Amaterasu

Definition

by
published on 17 December 2012
Amaterasu (Timothy Takemato)

Amaterasu Omikami (‘the great divinity illuminating heaven’) is the sun goddess, the most important deity of the Shinto religion and ruler of Takama no Hara (the High Celestial Plain), the domain of the kami or spirits. 

Also known as Oho-hir-me-no-muchi or Amaterasu-oho-hiru-me, Amaterasu is the daughter of Izanami and Izanagi who made their daughter ruler of the sky. When her father Izanagi escaped from his visit to the underworld he had to perform a cleansing ritual in the river Woto and it was then, from the god’s left eye, that Amaterasu was born. She is also the elder sister of Susanoo (or Susa-no-wo) the storm god. Amaterasu constantly quarrelled with her mischievous younger brother and finally having enough, she exiled him from heaven.

Amaterasu & the Cave

Perhaps the most celebrated myth concerning Amaterasu is when she blocked herself in a cave following an argument with Susanoo when he surprised the goddess with a monstrous flayed horse when she was quietly weaving in her palace with her younger sister Waka-hiru-me. As a consequence of Amaterasu’s disappearance the world was cast in total darkness and evil spirits ran riot over the earth. The gods tried all manner of ways to persuade the peeved goddess to leave the cave. On the advice of Omohi-Kane, cocks were set outside the cave in the hope their crows would make the goddess think that dawn had come. The gods also placed a large sakaki tree (Cleyera japonica) outside the cave and decorated it with sparkling jewels (magatama), fine white clothes and a mirror at its centre. In addition, the goddess Amenouzume (or Ama-no-Uzeme) danced so wildly in a strip-tease routine that the other gods’ uproarious laughter finally excited the curiosity of Amaterasu. Opening the blocked cave just enough to see what was going on and whilst distracted by seeing her stunning reflection in the mirror, the strong god Ame-no-tajikara-wo yanked the goddess out of the cave. Tuto-Tamu then held behind the goddess a pole of plaited straw and emphatically stated that the goddess could hide no longer and the world was once more bathed in her radiant sunlight.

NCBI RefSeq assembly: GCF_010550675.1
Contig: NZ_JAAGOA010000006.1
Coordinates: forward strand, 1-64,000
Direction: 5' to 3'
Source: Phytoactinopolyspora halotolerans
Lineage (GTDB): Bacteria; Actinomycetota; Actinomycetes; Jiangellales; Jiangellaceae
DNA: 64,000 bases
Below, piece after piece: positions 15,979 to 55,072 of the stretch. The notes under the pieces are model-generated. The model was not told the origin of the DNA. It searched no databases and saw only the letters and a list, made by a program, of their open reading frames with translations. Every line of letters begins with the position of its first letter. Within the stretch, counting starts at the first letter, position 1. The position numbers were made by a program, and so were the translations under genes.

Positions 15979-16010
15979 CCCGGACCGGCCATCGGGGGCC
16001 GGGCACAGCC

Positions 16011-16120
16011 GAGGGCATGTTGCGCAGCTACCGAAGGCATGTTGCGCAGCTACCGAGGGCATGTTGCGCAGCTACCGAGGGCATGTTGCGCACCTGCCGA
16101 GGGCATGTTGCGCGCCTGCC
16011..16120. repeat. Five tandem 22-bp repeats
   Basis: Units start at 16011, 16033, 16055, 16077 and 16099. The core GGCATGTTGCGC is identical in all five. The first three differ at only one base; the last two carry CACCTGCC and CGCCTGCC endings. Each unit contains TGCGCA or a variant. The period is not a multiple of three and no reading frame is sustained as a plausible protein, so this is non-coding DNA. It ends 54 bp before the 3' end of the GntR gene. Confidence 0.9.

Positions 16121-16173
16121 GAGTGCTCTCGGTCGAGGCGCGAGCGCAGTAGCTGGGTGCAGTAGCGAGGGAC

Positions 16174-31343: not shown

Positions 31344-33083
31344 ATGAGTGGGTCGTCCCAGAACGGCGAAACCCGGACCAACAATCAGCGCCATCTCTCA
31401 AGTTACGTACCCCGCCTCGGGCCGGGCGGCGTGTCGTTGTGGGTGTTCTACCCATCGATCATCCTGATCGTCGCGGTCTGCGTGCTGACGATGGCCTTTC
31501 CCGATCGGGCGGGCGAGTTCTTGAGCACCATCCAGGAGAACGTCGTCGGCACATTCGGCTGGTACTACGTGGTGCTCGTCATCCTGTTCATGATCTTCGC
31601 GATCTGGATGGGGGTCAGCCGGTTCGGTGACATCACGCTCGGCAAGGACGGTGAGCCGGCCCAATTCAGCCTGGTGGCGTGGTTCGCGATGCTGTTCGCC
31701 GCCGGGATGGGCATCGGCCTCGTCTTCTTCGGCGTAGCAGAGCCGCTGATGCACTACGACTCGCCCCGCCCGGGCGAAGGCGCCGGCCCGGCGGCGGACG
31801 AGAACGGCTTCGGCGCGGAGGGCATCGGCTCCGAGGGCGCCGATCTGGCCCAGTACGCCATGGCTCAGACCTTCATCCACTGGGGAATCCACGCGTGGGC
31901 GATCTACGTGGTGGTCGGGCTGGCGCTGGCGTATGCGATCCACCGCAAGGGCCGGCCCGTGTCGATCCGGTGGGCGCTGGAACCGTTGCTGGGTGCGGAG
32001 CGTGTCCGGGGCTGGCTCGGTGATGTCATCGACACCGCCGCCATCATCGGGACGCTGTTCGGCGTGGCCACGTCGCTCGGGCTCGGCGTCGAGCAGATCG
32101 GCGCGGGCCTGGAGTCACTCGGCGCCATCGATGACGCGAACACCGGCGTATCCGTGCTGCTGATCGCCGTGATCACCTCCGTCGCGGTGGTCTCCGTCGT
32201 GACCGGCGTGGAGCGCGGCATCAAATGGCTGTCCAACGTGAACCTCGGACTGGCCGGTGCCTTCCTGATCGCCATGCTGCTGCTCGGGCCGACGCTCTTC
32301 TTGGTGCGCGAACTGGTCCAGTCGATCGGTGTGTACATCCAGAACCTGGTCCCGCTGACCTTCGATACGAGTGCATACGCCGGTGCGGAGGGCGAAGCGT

Japanese nobility also claimed descent from the goddess.

Amaterasu’s son is Ama-no-Oshiho-mimi who was requested by his mother to reign over the terrestrial kingdom. However, when he stood on Ama-no-hashidate, the bridge which linked heaven to earth, and saw the disorder amongst the earthly deities he rather petulantly refused the role. At this Amaterasu asked the advice of Taka-mi-Musubi and consequently a council of all the gods was convened. The decision of this council was to send Ama-no-Hoki down to earth and properly assess the situation. However, after a period of three years there had still not been any word from Ama-no-Hoki and so a second council was called. This time the gods sent Ame-waka-hiko armed with his divine bow and arrows. He too, though, proved a less than reliable envoy when he was distracted by and married Shita-teru-hime (the daughter of Oho-kuni-nushi) so that he forgot completely his original mission. After eight years without any news the gods finally sent the pheasant Na-naki-me to find Ame-waka-hiko. The latter though, on seeing the pheasant, took the bird for a bad omen and swiftly shot the poor creature on the spot with one of his arrows. However, as the arrow was a divine one, it shot straight through the unlucky pheasant and carried on straight up to heaven, landing finally at the feet of Taka-mi-Musubi. The god, rather unimpressed no doubt, promptly threw the arrow back down to earth where it landed rather unfortunately in the chest of Ame-waka-hiko and killed him outright.